Physical control systems should be located in the Aircraft Control domain, which should be physically isolated from the passenger domains; however, this doesn’t always happen. Some aircraft use optical data diodes, while others rely upon electronic gateway modules. This means that as long as there is a physical path that connects both domains, we can’t disregard the potential for attack.
In-flight entertainment systems may be an attack vector. In some scenarios such an attack would be physically impossible due to the isolation of these systems, while in others an attack remains theoretically feasible due to the physical connectivity. IOActive has successfully compromised other electronic gateway modules in non-airborne vehicles. The ability to cross the “red line” between the passenger entertainment and owned devices domain and the aircraft control domain relies heavily on the specific devices, software and configuration deployed on the target aircraft.
In 2014 we presented a series of vulnerabilities in Satellite Communication (SATCOM) devices, including airborne SATCOM terminals. A primary concern is the sharing of these SATCOM devices between different data domains, which could allow an attacker to use this equipment to pivot from a compromised IFE to certain avionics.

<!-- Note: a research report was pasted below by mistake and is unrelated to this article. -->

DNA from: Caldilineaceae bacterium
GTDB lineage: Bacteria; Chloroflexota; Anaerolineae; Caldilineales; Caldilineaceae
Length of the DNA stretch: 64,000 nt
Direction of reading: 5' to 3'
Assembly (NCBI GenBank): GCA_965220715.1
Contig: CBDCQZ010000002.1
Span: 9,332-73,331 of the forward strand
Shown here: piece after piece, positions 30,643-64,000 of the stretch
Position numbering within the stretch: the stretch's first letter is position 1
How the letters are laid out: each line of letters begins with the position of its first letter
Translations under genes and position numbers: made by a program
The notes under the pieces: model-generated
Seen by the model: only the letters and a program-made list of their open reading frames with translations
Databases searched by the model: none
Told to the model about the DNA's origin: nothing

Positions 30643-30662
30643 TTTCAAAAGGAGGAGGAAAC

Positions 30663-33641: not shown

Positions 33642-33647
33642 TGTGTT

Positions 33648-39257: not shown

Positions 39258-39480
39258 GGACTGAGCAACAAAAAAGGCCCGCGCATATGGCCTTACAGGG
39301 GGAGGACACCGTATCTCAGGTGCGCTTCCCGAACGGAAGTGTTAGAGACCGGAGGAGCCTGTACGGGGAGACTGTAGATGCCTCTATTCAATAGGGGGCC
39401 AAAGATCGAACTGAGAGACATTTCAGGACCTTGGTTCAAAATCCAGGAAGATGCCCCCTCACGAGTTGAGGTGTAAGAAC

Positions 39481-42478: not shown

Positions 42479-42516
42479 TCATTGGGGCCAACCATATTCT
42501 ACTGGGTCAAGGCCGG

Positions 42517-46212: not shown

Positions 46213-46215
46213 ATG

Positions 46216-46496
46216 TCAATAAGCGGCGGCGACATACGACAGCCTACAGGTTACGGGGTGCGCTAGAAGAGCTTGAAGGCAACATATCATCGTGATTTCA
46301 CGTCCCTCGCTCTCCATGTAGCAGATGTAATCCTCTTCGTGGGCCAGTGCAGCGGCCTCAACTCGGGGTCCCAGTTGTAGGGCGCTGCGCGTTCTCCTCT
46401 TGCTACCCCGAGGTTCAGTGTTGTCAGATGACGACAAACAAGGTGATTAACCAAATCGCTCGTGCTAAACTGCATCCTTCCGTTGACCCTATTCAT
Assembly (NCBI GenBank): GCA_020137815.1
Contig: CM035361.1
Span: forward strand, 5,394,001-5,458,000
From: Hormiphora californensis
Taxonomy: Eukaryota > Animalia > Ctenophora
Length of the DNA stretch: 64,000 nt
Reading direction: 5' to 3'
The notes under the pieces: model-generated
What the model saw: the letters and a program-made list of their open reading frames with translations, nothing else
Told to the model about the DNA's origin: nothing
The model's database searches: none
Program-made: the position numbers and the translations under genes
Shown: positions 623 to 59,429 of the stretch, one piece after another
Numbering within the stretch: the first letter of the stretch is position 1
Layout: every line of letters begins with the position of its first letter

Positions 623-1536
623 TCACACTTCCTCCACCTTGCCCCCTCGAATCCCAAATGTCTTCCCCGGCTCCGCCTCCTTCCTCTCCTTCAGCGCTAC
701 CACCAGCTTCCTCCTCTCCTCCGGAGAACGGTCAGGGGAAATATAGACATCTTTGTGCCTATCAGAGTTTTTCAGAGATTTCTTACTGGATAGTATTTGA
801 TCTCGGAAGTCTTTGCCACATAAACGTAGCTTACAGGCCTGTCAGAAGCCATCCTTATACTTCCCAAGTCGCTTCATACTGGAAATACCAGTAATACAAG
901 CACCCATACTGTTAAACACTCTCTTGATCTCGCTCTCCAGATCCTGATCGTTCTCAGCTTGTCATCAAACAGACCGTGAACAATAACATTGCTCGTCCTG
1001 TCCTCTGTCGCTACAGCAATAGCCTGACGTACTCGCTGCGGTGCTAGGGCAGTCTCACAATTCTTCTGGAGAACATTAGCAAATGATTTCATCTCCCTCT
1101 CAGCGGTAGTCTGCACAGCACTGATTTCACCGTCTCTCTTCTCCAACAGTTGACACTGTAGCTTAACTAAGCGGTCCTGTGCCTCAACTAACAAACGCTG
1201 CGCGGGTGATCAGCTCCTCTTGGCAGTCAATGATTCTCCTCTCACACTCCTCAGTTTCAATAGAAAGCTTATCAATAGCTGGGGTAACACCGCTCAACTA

On the IT side, compromising the IFE means an attacker can control how passengers are informed aboard the plane. For example, an attacker might spoof flight information values such as altitude or speed, and show a bogus route on the interactive map. An attacker might compromise the CrewApp unit, controlling the PA, lighting, or actuators for upper classes. If all of these attacks are chained, a malicious actor may create a baffling and disconcerting situation for passengers.
The capture of personal information, including credit card details, while not in scope of this research, would also be technically possible if backends that sometimes provide access to specific airlines’ frequent-flyer/VIP membership data were not configured properly.
On the bright side, while not in scope of the Panasonic Avionics IFE systems research, I believe in-flight Wi-Fi itself is not a problem because it can be implemented securely without safety and security risks.
What all of this means is that after initial analysis we do not believe these systems can resist solid attacks from skilled malicious actors. Airlines must be vigilant when it comes to their In-Flight Entertainment Systems, ensuring that these and other systems are properly segregated and each aircraft’s security posture is carefully analyzed case by case. The responsibility for security does not solely rest with an IFE manufacturer, an aircraft manufacturer, or the fleet operator. Each plays an important role in assuring a secure environment.
We reported these findings to Panasonic Avionics in March 2015. We believe that has been enough time to produce and deploy patches, at least for the most prominent vulnerabilities. That said, we believe that in such a heterogenous environment, with dozens of airlines involved and hundreds of versions of the software available, it’s difficult to say whether these issues have been completely resolved.
As always, we would love to hear from other security types who might have a differing opinion. All of our positions are subject to change through exposure to compelling arguments and/or data.